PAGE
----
The C.A.M. Report
Complementary and Alternative Medicine: Fair, Balanced, and to the Point
  • About this web log

    This blog ran from 2006 to 2016 and was intended as an objective and dispassionate source of information on the latest CAM research. Since my background is in pharmacy and allopathic medicine, I view all CAM as advancing through the development pipeline to eventually become integrated into mainstream medical practice. Some will succeed while others fail. But all are treated fairly here.

  • About the author

    John Russo, Jr., PharmD, is president of The MedCom Resource, Inc. Previously, he was senior vice president of medical communications at, a complementary and alternative medicine website.

  • Common sense considerations

    The material on this weblog is for informational purposes. It is not medical advice or counsel. Be smart, consult your health professional before using CAM.

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    Vitamin D and high blood sugar levels in the elderly

    Researchers at the University College London, in the UK, investigated the association between vitamin D levels and hyperglycemia in older people.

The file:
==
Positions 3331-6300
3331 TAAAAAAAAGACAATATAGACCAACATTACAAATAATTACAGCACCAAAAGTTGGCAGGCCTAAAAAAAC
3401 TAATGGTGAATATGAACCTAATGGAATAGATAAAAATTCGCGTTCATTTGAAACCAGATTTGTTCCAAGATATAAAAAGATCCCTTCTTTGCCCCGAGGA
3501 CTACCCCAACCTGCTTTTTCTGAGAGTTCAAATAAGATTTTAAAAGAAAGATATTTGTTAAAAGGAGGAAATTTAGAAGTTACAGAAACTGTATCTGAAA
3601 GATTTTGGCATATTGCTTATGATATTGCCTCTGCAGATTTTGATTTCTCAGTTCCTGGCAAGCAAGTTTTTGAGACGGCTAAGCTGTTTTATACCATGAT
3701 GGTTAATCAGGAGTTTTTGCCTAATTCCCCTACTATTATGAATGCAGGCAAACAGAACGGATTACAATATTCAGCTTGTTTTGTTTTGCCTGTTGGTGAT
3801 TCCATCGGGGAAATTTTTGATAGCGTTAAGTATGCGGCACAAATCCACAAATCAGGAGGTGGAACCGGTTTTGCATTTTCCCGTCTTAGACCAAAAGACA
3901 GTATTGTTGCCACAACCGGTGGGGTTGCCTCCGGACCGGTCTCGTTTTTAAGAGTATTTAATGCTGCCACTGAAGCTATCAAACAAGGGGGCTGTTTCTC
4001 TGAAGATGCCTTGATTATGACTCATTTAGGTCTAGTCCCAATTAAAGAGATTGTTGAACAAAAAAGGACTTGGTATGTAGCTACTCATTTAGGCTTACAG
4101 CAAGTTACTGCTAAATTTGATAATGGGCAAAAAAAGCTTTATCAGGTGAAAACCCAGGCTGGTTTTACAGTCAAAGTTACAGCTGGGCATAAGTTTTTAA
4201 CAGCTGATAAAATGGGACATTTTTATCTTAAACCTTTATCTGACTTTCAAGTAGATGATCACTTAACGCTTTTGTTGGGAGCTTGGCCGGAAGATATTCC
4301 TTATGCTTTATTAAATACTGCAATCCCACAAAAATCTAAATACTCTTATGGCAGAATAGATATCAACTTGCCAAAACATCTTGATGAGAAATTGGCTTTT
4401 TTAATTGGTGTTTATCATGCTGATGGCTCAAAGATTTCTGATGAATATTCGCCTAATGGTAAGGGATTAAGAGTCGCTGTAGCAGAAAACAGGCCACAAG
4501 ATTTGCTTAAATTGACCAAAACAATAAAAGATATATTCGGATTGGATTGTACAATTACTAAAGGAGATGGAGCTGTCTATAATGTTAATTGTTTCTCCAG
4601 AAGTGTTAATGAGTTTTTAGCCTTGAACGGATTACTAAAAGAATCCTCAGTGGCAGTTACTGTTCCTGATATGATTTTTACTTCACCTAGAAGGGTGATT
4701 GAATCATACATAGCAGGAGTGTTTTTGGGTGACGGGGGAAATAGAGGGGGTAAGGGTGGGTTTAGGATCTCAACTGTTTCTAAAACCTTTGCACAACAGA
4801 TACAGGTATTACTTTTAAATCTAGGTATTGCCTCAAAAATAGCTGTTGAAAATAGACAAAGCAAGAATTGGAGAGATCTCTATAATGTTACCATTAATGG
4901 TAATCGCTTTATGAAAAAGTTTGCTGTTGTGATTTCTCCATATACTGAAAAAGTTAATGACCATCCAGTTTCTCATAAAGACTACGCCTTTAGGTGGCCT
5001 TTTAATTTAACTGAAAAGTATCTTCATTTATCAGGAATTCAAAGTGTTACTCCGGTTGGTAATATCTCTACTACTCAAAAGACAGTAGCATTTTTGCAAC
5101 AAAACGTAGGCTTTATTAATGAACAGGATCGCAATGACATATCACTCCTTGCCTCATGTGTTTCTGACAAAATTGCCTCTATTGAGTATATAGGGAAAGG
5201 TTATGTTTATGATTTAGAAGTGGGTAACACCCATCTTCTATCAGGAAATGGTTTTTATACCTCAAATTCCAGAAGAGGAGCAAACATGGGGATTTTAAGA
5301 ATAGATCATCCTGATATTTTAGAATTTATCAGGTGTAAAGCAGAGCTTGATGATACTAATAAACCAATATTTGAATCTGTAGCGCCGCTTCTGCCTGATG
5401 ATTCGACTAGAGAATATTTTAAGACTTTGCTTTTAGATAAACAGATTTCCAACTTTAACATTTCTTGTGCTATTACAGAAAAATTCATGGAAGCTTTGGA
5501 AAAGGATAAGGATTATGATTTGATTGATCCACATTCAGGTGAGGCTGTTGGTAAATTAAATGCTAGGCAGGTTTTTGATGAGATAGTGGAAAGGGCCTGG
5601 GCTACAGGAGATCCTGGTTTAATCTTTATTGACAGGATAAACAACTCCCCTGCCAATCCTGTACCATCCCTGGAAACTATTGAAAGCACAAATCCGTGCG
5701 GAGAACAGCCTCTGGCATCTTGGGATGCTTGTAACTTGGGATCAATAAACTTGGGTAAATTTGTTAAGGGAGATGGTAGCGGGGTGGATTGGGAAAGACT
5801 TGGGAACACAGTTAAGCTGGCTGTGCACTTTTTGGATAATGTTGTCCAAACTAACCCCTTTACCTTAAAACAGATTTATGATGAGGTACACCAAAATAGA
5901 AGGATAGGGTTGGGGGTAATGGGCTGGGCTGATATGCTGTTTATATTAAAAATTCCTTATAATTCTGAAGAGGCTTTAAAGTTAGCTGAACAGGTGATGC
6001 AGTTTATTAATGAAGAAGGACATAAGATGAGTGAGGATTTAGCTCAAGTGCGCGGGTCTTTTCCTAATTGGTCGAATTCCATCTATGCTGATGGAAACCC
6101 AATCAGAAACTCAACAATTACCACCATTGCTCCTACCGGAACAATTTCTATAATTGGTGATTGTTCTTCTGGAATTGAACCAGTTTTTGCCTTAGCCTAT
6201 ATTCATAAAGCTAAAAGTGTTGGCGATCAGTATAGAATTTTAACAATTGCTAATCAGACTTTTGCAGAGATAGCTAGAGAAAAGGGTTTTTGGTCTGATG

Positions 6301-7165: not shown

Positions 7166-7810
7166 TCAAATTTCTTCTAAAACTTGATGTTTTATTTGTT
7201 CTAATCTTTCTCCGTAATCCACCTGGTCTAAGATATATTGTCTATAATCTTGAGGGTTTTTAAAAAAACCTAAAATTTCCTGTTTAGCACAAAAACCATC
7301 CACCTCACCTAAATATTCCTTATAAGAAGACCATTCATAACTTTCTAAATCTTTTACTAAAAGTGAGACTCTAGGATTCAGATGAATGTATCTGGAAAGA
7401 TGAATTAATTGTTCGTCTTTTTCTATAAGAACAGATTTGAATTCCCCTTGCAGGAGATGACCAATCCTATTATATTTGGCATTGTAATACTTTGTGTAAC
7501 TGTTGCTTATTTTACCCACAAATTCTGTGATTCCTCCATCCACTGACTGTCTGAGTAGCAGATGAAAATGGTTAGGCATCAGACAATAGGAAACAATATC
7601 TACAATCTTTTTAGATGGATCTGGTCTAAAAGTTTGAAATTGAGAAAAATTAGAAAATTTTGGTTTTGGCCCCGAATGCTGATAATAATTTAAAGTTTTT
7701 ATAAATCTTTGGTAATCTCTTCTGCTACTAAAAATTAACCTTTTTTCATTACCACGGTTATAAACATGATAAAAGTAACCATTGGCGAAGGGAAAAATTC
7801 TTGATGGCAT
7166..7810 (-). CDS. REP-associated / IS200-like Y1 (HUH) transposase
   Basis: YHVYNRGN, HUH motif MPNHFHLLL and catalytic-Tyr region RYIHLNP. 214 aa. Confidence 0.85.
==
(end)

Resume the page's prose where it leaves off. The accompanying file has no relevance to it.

First, the details.

    • 2038 elderly adults were surveyed.
    • Blood levels of 25-hydroxy vitamin D (25(OH) D) levels, A1c and age, gender, social class, season of examination, use of vitamin supplements, and physical health status were measured.
      • Evidence supports using A1c as a diagnostic test for diabetes mellitus.

    And, the results.

    • High blood sugar levels were independently associated with low vitamin D levels (less than 25 nmol/L and 25 to 49.9 nmol/L) but not for 25(OH)D between 50.0 and 74.9 nmol/L.

    The bottom line?

    The authors concluded, “The higher-than-expected co-occurrence of low vitamin D levels and hyperglycemia (A1c at least 6.5%) are important public health concerns for older populations living in northern latitudes because both are common, and both have substantial adverse health consequences.”

    “Ensuring adequate vitamin D levels,” say the authors, “may help reverse the increasing trend in the development of diabetes mellitus and related complications in older people.”

    A growing body of research suggests that vitamin D might play some role in the prevention and treatment of type 1 and type 2 diabetes. However, there’s insufficient evidence to strongly link vitamin D levels and hyperglycemia because a variety of factors may be affecting the association. More research is needed.

    1/29/12 20:30 JR

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